Here’s why health care innovations stay secret

Having been an improvement advisor with many quality improvement initiatives and collaboratives, I have observed that stories about successful initiatives too often leave out major relational barriers that got in the way as well as the critical interventions necessary to overcome them.

That important details about relational challenges so often remain hidden is not a small problem. Evidence points to relational issues as a major cause of lack of expected success of innovations within and across organizations despite using the same quality methods and technical designs.

Here are two brief stories of improvement initiatives told at conferences in which relational barriers and success factors emerged only when I later talked individually with the presenters.

Story #1

An executive in charge of quality improvement used 30 slides to present a workshop on his organization’s successful integration of Lean thinking. All of the questions from the audience focused on Lean methodology. When I later talked to him, I told him, “I noticed one slide on physician engagement. What was the importance and sequencing of that relative to the work on Lean?”

He said, “We spent ten months in meetings with all the physicians to talk about our plans before we ever touched the work on Lean. We worked through some tough conversations. Now that you bring this up, I have to say this first step with physicians was crucial to our overall success.” As he talked, I was startled at how such a big issue had remained barely mentioned and in the background, even with the participants.

Story #2

A director of a primary care clinic led their first-ever involvement of two patients on one of their quality improvement work teams. At a conference presentation, she told what seemed to be a great, straightforward story of success with how-to tools for helping patients feel comfortable working with clinical staff.

Later, meeting individually with the director, after about 20 minutes, I discovered their first team meeting with the patients had been “disastrous.” One patient revealed with anger that a relative of his had suffered significant health problems several years prior due to clinic error. Unfortunately, the clinic staff got defensive, and the meeting ended badly. The director said, “I can’t believe that I have forgotten how bad that was. I even considered giving up.”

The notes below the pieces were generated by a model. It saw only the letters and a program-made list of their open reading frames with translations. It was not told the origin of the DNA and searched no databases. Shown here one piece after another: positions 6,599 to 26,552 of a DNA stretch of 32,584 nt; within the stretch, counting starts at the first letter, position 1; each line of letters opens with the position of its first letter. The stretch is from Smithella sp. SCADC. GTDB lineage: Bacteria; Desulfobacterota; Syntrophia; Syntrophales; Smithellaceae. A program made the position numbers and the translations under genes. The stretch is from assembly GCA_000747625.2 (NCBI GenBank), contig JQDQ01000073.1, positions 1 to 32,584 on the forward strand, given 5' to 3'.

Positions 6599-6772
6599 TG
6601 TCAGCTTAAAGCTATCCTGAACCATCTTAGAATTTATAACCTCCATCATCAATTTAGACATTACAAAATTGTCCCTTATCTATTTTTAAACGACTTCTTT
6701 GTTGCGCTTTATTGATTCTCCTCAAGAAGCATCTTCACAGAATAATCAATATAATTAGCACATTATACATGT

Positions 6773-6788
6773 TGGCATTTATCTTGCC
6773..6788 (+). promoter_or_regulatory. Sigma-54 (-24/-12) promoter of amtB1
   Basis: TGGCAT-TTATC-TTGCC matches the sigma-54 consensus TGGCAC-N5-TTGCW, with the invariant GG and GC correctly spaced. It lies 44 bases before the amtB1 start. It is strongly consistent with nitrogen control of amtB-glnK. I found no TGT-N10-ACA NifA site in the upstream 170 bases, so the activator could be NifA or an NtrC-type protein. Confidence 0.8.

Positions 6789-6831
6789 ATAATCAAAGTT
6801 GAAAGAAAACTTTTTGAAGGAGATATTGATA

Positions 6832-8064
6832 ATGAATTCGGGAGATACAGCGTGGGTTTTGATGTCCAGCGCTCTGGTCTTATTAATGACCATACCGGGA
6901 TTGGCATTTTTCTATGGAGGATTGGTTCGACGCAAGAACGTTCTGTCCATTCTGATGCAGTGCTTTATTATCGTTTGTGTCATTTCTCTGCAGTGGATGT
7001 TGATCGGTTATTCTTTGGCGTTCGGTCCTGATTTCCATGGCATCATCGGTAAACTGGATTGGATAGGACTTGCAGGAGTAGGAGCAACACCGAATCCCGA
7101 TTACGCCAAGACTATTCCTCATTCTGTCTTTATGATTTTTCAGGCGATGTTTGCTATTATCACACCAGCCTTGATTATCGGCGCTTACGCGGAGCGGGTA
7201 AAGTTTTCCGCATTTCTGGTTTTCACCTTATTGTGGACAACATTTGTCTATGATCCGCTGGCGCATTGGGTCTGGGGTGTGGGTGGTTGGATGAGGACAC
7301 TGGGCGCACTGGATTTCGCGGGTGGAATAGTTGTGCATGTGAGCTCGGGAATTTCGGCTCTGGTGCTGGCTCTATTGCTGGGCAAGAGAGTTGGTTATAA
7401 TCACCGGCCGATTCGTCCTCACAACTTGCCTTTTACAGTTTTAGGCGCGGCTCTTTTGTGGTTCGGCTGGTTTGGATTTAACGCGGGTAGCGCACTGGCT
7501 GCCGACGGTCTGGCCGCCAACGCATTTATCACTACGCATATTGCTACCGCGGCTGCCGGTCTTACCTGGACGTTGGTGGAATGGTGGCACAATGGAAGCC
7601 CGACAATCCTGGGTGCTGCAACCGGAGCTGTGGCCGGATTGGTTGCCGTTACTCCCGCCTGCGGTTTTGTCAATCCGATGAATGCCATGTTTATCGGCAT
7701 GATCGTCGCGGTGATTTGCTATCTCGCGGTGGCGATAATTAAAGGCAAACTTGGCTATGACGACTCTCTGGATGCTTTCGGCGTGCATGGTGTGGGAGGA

With this director, I elicited further details about how she had helped her team recover remarkably well from this “disaster.” Anticipating and managing such inevitable, unexpected hurdles that occur in human affairs was a crucial learning left out of the presentation.

There are multiple reasons why such stories leave out the relational challenges and interventions in the process of improvement initiatives.

  • Our professional and social culture values science and technology over relational issues.
  • Getting at sufficient detail about relational issues requires a higher degree of safety in conversation. It is not unusual to need 1:1 interview time.
  • Obtaining good relational stories requires asking for behaviorally specific information which is not a commonly practiced skill.

Another factor is that both of these stories are likely examples of a flaw in remembering that can occur once we know the outcome of a situation called “hindsight bias.” Once a tough relational issue resolves, we tend to forget the level of stress and unpredictability in the original situation. So, outside of full awareness, those events may not be considered important enough to report. Unfortunately, we also then do not recognize our own level of skill and courage that was necessary for success.

Telling relational stories more often will require no less than a wide-spread change in professional culture. But, there is at least one important step we can all take now — in meetings to review the progress of improvement initiatives, we can always integrate at least one or two questions about relational issues. For example, we might ask about the state of relationships and communication and if barriers to change are present. Or, we can ask about the level of enthusiasm for the change and what factors are making it higher or lower than expected.

In our quality improvement world with so many elegant frameworks, models, and tools, I know that methods to address relational issues can seem quite simple and commonplace — such as active listening and asking questions. But to apply these skills consistently requires very high levels of discipline, courage, determination, and persistence. To help sustain these qualities, we need the best possible stories about relational challenges to learn from.

Neil Baker is a physician and founder, Neil Baker Consulting and Coaching.

Image credit: Shutterstock.com

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